I'VE been recruited to help solve one of Denver's most notorious crimes. On December 18, 1922, a Federal Reserve Bank delivery truck was being loaded with money outside the Denver Mint when three men pulled up in a black Buick and jumped out, firing sawn-off shotguns. Fifty guards returned fire but the robbers still managed to get away with $US200,000. One of them, Nicholas Trainor, was killed in the gunfight but the two others were never identified.
The case remained unsolved for 12 years until the Denver police suddenly announced they'd worked out who was responsible. Conveniently, all the gang members had either since been killed or were already in prison.
No one was ever charged in relation to the crime and the case was officially closed on December 1, 1934.
Today, we've been instructed to be at the entrance to platform two in Denver's impressive Union Station at 10am. Just as the clock ticks over the hour, an agitated-looking woman comes clattering down the underpass wearing a 1920s-style blue sequin dress and carrying a battered brown suitcase.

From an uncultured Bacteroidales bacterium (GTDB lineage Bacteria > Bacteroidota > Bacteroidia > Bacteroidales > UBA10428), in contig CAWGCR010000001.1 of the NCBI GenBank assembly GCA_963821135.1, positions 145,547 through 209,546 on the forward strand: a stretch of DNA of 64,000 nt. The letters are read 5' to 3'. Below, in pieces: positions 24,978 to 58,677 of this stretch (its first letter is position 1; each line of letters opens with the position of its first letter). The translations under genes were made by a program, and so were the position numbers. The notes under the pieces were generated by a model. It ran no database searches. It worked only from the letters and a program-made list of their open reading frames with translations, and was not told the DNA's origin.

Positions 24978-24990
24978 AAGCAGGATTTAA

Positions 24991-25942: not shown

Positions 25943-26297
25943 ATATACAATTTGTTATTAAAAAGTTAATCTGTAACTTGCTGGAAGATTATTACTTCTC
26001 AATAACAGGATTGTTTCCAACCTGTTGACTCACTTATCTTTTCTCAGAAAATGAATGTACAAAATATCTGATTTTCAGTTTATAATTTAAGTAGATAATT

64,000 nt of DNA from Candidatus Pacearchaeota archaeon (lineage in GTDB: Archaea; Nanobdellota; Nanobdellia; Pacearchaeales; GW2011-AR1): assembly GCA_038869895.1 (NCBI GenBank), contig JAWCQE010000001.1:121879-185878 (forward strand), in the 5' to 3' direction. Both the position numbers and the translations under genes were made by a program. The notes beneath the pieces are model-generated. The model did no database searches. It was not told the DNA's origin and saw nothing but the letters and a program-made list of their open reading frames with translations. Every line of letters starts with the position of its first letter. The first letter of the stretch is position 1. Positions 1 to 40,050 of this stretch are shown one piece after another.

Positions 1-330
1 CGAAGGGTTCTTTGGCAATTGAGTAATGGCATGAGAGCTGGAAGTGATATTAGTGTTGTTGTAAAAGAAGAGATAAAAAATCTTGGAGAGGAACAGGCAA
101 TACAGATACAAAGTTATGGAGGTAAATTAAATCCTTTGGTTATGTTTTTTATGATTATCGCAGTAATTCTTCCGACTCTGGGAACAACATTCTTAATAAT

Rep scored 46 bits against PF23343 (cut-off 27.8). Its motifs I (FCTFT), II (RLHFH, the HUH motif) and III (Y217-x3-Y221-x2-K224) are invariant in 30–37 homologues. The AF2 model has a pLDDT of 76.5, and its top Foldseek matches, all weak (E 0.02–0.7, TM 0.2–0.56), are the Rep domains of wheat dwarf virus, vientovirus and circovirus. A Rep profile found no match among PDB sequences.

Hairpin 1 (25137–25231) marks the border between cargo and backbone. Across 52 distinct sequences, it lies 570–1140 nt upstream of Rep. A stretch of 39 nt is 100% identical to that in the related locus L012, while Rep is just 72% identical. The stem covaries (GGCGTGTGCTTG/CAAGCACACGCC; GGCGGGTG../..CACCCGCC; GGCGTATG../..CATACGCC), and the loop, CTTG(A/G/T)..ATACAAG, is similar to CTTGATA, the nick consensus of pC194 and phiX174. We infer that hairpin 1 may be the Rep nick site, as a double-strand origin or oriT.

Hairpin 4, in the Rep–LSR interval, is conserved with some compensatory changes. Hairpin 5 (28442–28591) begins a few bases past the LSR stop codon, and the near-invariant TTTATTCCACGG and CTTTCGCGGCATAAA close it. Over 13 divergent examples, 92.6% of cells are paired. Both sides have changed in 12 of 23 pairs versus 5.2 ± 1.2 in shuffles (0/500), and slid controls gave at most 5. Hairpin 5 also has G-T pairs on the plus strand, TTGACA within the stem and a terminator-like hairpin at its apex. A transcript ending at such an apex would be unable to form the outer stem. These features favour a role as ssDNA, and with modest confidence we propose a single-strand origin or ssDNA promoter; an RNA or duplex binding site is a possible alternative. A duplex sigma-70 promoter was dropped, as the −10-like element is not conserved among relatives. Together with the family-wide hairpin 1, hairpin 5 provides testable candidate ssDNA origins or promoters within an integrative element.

She explains that she is Mrs Florence Thompson, girlfriend of Nicholas Trainor, and that she never got her share of the loot. Of the $200,000 that was stolen, only $80,000 was recovered by police, so she wants us to track down local hoodlum Tommy Bell to help trace the rest of the cash.
Someone asks her what's in it for us. "I don't shoot you," she replies, quick as a flash, before handing us our first clue and disappearing back up the underpass. "And remember now," she shouts back, "no lollygagging around."